Posted by: johnocunningham | September 4, 2014

High-Tech Document Discovery: No Longer Optional For Law Firms

We live in an age where we are drowning in electronic data. Litigation holds, as well as preservation and production of data in litigation are fast becoming the number one headache for chief legal counsel in commercial companies. Just one terabyte of data on a server can mean scores of millions of pages to review.

According to a West Publishing report entitled “e-Discovery for Corporate Counsel,” 70 percent or more of the cost of discovery is now attributable solely to human review of documents for responsiveness and privilege. Furthermore, up to 90 percent of costs in any litigation matter can be tied directly to document review and discovery (see also: June 23, 2008 issue of Law Technology News).

These costs are ballooning and form the fastest growing part of most corporate counsel budgets.

As noted in a report by the Journal of the American Society for Information Sciences & Technology, there is also no way that dozens of human reviewers working on so many documents will sort and code them consistently and accurately based on their differing subjective judgments, experience levels, fatigue and other factors.

Thus, the biggest critical difference maker for law firms that want to demonstrate “value and efficiency” in litigation is technological expertise in systems that greatly speed up the e-discovery process and improve its accuracy, resulting in much lower litigation costs and far better litigation management.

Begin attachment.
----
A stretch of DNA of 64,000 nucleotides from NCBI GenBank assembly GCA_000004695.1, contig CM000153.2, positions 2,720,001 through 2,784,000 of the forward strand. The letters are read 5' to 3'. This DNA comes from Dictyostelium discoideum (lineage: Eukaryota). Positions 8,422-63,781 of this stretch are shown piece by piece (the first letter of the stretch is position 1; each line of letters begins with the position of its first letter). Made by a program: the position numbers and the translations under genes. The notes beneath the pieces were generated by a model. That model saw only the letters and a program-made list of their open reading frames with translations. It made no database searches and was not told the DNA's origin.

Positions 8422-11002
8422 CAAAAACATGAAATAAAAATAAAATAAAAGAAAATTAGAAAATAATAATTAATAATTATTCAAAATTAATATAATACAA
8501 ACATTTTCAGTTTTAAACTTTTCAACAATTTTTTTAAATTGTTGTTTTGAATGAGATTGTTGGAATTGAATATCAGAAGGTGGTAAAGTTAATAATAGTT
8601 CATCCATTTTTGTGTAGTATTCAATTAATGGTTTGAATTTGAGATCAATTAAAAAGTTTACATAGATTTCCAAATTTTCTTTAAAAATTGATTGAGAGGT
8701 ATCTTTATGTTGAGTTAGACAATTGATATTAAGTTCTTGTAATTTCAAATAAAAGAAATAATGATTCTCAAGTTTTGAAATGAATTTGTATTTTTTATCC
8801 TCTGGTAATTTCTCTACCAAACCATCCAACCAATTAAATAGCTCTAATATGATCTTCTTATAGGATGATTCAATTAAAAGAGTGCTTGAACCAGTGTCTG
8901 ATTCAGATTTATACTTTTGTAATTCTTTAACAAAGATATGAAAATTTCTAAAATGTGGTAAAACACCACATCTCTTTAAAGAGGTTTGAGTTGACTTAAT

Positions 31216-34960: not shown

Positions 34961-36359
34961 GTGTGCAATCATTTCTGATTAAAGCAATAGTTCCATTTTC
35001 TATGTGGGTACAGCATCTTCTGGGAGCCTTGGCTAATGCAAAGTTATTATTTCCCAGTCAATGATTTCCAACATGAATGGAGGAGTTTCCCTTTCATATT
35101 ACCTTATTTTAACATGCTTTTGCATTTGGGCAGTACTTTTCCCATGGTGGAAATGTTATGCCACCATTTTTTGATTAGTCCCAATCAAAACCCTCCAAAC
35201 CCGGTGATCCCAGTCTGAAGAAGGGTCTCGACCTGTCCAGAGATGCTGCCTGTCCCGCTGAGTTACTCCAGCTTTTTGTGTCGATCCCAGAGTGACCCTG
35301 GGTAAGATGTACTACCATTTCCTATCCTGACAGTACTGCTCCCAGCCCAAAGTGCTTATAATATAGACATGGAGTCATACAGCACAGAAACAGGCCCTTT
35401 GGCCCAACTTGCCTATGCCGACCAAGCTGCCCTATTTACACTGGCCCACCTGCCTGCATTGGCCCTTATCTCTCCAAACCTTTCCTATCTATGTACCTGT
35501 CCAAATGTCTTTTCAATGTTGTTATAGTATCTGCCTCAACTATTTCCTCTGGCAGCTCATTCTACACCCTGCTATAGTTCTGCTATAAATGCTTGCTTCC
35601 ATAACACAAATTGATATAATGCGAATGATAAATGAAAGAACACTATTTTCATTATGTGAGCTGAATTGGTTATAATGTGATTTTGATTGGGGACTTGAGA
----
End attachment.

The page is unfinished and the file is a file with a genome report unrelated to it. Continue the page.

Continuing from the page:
Litigation firms and litigation departments can score big points with their clients by technologically solving the problem of sorting through mushroom clouds of data. They can also score more clients by tracking and communicating the reductions in costs and improvement in results from smarter use of technology.

There are numerous systems competing for the attention of litigators, and the purveyors of these systems are constantly offering free seminars on the subject of optimizing the interface of people, process and technology. For just one example, see the upcoming September 16 complimentary Webinar offered by DiscoverReady.


(Disclosure: I am not endorsing any one provider of high-speed discovery and document review services, but DiscoverReady is a client for whom I have performed services in the past).



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